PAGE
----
The Complete Map of New York (Manhattan) Featuring House Numbers, Transit Lines, Playgrounds, Wading Pools, etc.
71.5 x 17.5 in (181.61 x 44.45 cm)
1 : 24000
This is a unique c. 1939 Geographia city plan or map of Manhattan, New York City with extensive manuscript annotation relating to the infrastructure and operations of the Pennsylvania and other railroads. The map’s coverage incudes all of Manhattan, as well as adjacent portions of Jersey City, Brooklyn, and the Bronx. The I.R.T., B.M.T., and Independent subway lines are identified.
Manuscript Railroad LinesFocusing on the Hudson River, eleven railroad lines and their associated ferry crossings are illustrated in manuscript, including the Pennsylvania Railroad, the New York Central Railroad, and the Delaware, Lackawanna and Western Railroad. Only one of these railroads, the New York Central, was founded in New York City, and only two, the Pennsylvania and the Hudson and Manhattan, had successfully constructed tunnels under the Hudson River to provide direct service into New York City from New Jersey. The Pennsylvania, marked here in solid red lines, completed its North River Tunnels in 1910 and began running service into its newly constructed Penn Station on 34th Street that same year over electrified lines under the river. The Hudson and Manhattan, highlighted by light purple lines, began running passenger service between Hoboken Terminal and 19th Street on February 26, 1908.
All other railroads with terminals along the Hudson, no matter if they were in Jersey City or Hoboken, offered connections between New Jersey and New York City via ferry. These terminals are illustrated along the left side of the map, although not all of them are present. The ferry lines are noted by dashed lines of varying colors to highlight the different routes and piers used by the different railroads. Coincidentally, only two railroads cross the East River into Queens: the Lehigh Valley Railroad and the New York, New Haven and Hartford Railroad, which operated over tracks owned by the Pennsylvania Railroad.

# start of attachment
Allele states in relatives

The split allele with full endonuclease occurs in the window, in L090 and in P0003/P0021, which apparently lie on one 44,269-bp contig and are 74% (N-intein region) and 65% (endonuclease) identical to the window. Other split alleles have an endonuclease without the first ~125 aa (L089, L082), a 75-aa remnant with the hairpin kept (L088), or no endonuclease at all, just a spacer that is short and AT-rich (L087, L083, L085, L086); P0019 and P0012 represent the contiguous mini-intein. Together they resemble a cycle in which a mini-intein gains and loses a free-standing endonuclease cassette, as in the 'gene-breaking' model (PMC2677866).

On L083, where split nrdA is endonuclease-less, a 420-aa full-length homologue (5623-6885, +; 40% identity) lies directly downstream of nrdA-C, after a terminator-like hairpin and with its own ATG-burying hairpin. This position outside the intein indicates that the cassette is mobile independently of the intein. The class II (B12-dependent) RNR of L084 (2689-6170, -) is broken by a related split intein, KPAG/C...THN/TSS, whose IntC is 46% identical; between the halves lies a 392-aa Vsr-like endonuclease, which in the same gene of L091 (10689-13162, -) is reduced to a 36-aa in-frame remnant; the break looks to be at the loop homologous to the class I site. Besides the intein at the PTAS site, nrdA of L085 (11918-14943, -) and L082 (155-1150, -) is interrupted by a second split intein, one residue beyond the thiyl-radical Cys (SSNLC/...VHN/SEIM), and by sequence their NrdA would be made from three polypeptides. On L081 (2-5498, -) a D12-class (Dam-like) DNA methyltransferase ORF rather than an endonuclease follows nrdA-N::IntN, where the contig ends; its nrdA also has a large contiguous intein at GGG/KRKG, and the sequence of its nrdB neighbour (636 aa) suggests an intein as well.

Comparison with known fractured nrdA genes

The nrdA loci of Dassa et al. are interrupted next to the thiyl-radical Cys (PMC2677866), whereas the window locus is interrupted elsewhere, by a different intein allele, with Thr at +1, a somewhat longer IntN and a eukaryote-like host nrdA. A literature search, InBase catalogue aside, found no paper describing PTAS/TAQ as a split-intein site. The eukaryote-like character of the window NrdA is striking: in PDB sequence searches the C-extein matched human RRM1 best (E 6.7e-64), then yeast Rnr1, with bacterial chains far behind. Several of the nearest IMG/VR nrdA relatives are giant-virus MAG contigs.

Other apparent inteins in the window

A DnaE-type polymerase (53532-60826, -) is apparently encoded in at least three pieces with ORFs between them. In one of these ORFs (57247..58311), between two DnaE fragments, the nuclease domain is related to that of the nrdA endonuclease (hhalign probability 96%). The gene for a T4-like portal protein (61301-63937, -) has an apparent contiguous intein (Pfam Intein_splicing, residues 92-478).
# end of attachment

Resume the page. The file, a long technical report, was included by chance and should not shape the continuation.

Publication History and CensusThis map is most likely one of a kind. While the base map was published by Geographia in 1939 and was commercially available, it was repurposed by the Pennsylvania Railroad to illustrate key infrastructure improvements and assist with the administration of railroad routes and ferries. Examples of the base map are present in a half dozen institutional collections, but we have not located any other known examples of the present map with its extensive depiction of the railroad routes in and around Manhattan.
Geographia, Ltd. (1911 - 1985) was a London based cartographic publishing firm. The company was founded by Alexander Gross (1879 - 1958), a Hungarian immigrant to the United Kingdom. Geographia Ltd. is best known for its folding pocket maps and globes. Many of his maps were drawn by a mysterious 'Mr. Fountain' of which we have been able to discovery little. Gross ran into financial problems around 1940, likely associated with World War II, and relocated with offices in New York at 11 John Street. There he issued a large corpus of U.S. focused maps and city plans. By the 1940s, the branch in the United States had been renamed the Geographia Map Company and experienced rapid growth. By the 1950s Geographia had published maps of dozens of cities across the United States. In 1987, the British branch was bought out by Harper Collins and continues to produce maps under the Collins Bartholomew imprint. Rand McNally bought the New York based Geographia Map Company in the late 1980s, but its original owners repurchased the Geographia Map Company a few years later and still operate the company in Hackensack, New Jersey. Gross's daughter, Phyllis Isobella Gross / Pearsall (1906 - 1996) founded the Geographers' A-Z Map Company in London, the largest independent map publisher in the United Kingdom. In the UK, they offices were originally at 33 Strand, where they published as 'Geographia Designing and Publishing Company Ltd.'. Later, by 1933, they had relocated to 55 Fleet Street, where they remained until ate least 1937. By 1942, they related to 167 Fleet Street, followed by 114 Fleet Street by 1964. It is of note that many of the Geographia Ltd. maps feature a peculiar dating system wherein the letters in the world CUMBERLAND correspond to the numbers 1234567890, such that a date is rendered by substitution, so A.MU would break out like this A = 8, M = 3, U = 2, so 8.32 or, August 1932. Or, MM.YY e.g. E.MC = 5.31 = May 1931.
Very good. Even overall toning. Dissected and mounted on linen in 48 panels. Blank on verso.